Does Quo Primum, the 1570 papal bull of St. Pius V which guaranteed the right of every Latin Rite priest to say the Roman Mass, still have force of law?
This canonical study of Fr. Raymond Dulac was written in 1972, thus at the beginning of the struggle to have the legal rights of Quo Primum recognized against those who claimed that the papal bull had been abbrogated; hence the traditional Roman Mass had been abolished and could only be offered with special permission.
Thankfully, In response to Bishop Bernard Fellay's request to Pope Benedict XVI to "free the old Mass", the legal rights of the Roman Mass were finally re-affirmed on July 7, 2007 via the motu proprio, Summorum Pontificum.
Nonetheless, contention on the full legal implications (and application) of both Quo Primum and Summorum Pontificum (and likewise Pope Benedict's subsequent Universae Ecclesiae) persist, thus proving the continued importance of this article.
This article was written by Fr. Raymond Dulac, who had studied at the French Seminary in Rome with Archbishop Lefebvre and was a doctor of theology and canon law. In addition to contributing to several French-language journals, such as Itineraires (of which this piece appeared in issue n. 162), he also founded the Courrier from Rome (Mail from Rome). Fr. Dulac was also one of the first professors at the SSPX's seminary in Econe.
The English translation of the following excerpts from Fr. Dulac's article are taken from Michael Davies' Pope Paul's New Mass.
If the bull decrees a true law, it will be a human law whose authority is derived neither from the nature of things nor from Divine revelation, but emanates from the free will of the human legislator.
1. This legislator must manifest as clearly and fully as possible the nature and extent of his will:
2. He must state that he is laying down a true law, creating a juridical obligation, not simply expressing a wish, a recommendation, a "directive," or even perhaps a formal expression of his will which stops short at declaring itself as the imposition of a command on those subject to him.
a. Only partial derogation?
b. Total abrogation?
For the formal, official expression of these various intents, there are certain "legal rules," a set vocabulary, a propria verborum significatio, well known to jurists. The Church has never failed to observe them as singular guarantees against both arbitrary despotism and anarchy. It has been reserved for the "post-conciliar Church" to scorn them, and with them what its representatives call "legalism"; that is, a clear, honest, straightforward expression of intent on all subjects—dogmatic, ethical, disciplinary.
An "up-to-date" member of the hierarchy no longer dares to command, but speaks in ambiguous terms to give the impression of doing so. Thus he is able to retreat or advance, according to his assessment of the situation, without ever losing face. This is because he is hiding behind a mask. This new authority has given itself a new name: it calls itself service. Self-service would have been more apt! Everyone does as he wishes, from the highest to the lowest.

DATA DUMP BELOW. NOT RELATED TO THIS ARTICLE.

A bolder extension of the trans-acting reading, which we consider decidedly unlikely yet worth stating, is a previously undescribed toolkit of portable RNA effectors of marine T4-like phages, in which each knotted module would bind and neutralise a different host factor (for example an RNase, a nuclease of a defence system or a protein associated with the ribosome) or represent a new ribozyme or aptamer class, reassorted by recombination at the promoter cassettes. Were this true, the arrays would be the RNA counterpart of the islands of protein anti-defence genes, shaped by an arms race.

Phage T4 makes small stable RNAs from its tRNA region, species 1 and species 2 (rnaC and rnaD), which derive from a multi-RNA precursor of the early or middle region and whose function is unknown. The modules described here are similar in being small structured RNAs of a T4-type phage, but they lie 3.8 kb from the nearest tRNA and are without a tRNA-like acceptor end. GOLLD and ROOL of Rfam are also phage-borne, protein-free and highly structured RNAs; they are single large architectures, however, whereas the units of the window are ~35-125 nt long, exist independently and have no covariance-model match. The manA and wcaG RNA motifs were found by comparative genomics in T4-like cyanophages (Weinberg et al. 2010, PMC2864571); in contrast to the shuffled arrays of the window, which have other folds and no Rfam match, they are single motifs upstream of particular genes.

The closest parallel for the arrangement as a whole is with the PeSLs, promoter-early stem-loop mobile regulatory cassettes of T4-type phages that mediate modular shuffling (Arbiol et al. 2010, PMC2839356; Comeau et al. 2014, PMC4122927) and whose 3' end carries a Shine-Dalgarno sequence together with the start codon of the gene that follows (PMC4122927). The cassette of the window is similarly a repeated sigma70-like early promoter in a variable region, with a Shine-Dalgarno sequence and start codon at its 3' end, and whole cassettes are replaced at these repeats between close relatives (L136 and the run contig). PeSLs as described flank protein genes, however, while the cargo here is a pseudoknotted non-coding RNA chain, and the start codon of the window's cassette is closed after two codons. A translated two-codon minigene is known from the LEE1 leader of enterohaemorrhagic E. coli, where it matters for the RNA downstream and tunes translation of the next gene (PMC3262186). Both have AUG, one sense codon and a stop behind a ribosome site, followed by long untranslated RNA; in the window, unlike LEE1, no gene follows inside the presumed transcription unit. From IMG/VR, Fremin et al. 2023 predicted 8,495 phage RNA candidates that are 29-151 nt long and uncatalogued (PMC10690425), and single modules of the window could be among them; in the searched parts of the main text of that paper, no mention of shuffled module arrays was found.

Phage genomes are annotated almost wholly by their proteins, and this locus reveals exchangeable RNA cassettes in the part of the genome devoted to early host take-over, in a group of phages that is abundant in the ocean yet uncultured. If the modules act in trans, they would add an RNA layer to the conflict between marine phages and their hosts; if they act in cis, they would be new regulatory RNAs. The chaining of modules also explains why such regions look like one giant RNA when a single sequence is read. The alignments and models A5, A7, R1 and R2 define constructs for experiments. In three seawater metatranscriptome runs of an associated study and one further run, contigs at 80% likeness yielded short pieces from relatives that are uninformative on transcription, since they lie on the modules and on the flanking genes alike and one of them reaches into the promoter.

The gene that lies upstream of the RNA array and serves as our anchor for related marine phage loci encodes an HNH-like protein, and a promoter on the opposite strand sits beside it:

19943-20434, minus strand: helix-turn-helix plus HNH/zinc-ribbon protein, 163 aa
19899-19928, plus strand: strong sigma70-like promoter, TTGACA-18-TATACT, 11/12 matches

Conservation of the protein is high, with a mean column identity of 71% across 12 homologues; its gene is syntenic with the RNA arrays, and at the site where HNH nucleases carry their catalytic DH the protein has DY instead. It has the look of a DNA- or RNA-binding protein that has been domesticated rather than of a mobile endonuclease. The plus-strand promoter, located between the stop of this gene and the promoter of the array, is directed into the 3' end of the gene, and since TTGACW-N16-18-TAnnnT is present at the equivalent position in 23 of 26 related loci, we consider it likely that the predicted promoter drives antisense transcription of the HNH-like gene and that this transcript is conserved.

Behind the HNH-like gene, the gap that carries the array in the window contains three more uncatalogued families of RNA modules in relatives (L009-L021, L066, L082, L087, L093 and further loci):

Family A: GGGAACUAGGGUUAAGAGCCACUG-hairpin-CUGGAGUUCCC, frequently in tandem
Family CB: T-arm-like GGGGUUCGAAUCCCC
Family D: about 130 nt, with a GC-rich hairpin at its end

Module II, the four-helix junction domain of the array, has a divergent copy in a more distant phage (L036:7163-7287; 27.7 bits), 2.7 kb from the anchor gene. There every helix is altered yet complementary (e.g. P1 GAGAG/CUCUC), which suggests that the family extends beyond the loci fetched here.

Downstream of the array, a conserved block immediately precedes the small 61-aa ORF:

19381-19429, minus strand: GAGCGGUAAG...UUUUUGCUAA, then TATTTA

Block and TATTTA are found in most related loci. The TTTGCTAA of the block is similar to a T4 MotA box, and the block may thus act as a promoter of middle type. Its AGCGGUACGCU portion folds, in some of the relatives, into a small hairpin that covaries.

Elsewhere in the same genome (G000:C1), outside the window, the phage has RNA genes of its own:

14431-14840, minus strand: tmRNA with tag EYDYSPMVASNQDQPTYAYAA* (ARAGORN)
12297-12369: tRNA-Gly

1. It is a law carrying a juridical obligation expressed in traditional legal terms.
2. This law is not simply a personal decree of the Sovereign Pontiff, but most certainly an act of the Council (of Trent). St. Pius V referred explicitly to the "decrees of the Holy Council of Trent," which had given him this task after the Fathers had manifested their wishes with precision. This explains the official title of our missals: "The Roman Missal restored according to the decrees of the Holy Council of Trent, published by St. Pius V." The Council decreed its restoration, the pope ordered its publication.
3. The will of the legislator is invested with varied nuances which are given in detail in the lengthily enunciated final sentences, concerning which we have pointed out that this is not merely done for the sake of emphasis. As an excellent exercise in respectful attention, the reader can easily place each of these eleven terms alongside a corresponding provision of the bull. The eleven terms are:
4. Hanc paginam Nostrae permissionis, statuti, ordinationis, mandati, praecepti, concessionis, indulti, declarationis, voluntatis, decreti et inhibitionis... [This notice of Our permission, statute, ordinance, command, direction, grant, indult, declaration, will, decree and prohibition...—Ed]
5. The bull specifies minutely the persons, time, and places to which its provisions apply.
6. The obligation is confirmed by express sanctions.